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Key Points

  • Second most common facial anomaly after cleft lip and palate.

  • Characteristic findings include hypoplasia of malar, maxillary, and/or mandibular regions of the face with associated anomalies of the ears and vertebrae.

  • Incidence is as high as 1 in 3,000-5,000 livebirths if mild cases are included.

  • Associated with eye, ear, vertebral, cardiac, renal, and urinary anomalies.

  • Karyotype is indicated.

  • Deliver infant in tertiary care center if polyhydramnios is present.

  • Perform complete audiologic evaluation on all infants postnatally.

  • Rule out syndromic causes.


Hemifacial microsomia is the second most common facial anomaly after cleft lip and palate. It is a predominantly unilateral malformation of craniofacial structures that originally develop fromthe first and second branchial arches. The characteristic findings of hemifacial microsomia include hypoplasia of the malar, maxillary, and/or mandibular regions of the face with associated abnormalities of the ears and vertebrae (Burck, 1983). The term hemifacial microsomia was first used by Gorlin and Pindborg (1964), who described a condition consisting of unilateral microtia, macrostomia, and failure of formation of the mandibular ramus and condyle. Since then, hemifacial microsomia has been considered one phenotypic manifestation of a group of disorders that affect the face, ears, eyes, vertebrae, heart, and kidneys. This spectrumof disorders has been called “oculoauriculovertebral dysplasia,” although this is technically incorrect because the term dysplasia refers to abnormalities of cellular differentiation. An association between hemifacial microsomia, auricular malformations, and specific malformations of the eye known as epibulbar dermoids was first recognized by Goldenhar in 1952 (Heffez and Doku, 1984). Although the name Goldenhar syndrome is widely used, the use of the word syndrome is also incorrect because there is no known unique cause for this phenotype. At present, hemifacial microsomia is considered to be part of a complex developmental field defect known as the oculoauriculovertebral (OAV) anomaly. There is no agreement on the minimal diagnostic criteria and the phenotypic spectrum for this condition (Rollnick, 1988). It is not known whether OAV anomaly represents one entity with variability in the phenotype or whether there are several different entities with similar phenotypes. Causal heterogeneity for this group of conditions has been described (Rollnick, 1988). However, any fetus identified with asymmetry of the facial structures or hemifacial microsomia should be considered to be at risk for associated eye, ear, vertebral, cardiac, and renal malformations.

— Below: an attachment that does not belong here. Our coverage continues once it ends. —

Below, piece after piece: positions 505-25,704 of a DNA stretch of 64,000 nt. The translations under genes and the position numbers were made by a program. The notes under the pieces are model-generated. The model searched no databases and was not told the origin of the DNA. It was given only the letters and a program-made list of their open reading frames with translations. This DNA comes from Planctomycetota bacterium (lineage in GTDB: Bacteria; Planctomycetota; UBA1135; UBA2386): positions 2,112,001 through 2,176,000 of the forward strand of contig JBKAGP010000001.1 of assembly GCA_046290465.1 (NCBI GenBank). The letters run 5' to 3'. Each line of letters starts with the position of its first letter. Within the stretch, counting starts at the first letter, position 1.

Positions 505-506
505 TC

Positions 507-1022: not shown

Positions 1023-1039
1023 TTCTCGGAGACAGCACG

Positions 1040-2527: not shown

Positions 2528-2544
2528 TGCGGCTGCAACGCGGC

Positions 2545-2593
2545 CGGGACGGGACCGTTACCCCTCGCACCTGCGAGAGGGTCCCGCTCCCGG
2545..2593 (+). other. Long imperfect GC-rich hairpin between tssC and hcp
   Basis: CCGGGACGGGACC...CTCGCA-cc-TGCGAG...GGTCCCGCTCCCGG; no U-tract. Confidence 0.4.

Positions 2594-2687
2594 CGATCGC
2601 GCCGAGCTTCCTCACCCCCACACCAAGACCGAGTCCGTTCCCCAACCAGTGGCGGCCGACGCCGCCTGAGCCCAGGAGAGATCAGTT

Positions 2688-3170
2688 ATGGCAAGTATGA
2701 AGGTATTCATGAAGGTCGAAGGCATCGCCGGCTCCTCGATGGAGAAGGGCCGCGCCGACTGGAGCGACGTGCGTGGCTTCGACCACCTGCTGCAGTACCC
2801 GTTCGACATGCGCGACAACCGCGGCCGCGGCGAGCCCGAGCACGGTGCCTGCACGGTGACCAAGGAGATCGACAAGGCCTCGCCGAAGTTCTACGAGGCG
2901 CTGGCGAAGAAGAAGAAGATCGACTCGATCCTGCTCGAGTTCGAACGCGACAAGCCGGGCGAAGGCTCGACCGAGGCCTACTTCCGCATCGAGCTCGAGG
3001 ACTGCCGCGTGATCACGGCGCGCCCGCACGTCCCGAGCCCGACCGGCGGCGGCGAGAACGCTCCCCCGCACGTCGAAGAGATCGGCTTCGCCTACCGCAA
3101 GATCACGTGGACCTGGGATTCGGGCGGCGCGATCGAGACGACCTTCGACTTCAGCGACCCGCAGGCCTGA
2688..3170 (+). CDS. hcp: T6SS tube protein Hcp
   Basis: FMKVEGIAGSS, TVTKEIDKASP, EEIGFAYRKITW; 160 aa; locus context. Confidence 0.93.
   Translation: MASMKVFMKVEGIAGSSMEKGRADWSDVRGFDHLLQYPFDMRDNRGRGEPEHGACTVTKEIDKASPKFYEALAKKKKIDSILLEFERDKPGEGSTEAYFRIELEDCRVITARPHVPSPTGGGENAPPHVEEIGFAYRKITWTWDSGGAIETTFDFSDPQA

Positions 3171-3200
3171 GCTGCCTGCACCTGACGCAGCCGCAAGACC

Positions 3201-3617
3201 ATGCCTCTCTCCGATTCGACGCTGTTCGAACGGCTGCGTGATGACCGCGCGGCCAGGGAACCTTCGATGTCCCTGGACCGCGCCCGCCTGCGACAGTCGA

The incidence of hemifacial microsomia varies considerably according to the minimal diagnostic criteria used to define the condition. When the most mildly affected individuals are included, the incidence is on the order of 1 in 3000 to 1 in 5000 livebirths (Benacerraf and Frigoletto, 1988). When only the most severely affected patients are included, the incidence was on the order of 1 in 45,000 livebirths in one study performed in Northern Ireland (Morrison et al., 1992). Approximately two-thirds ...

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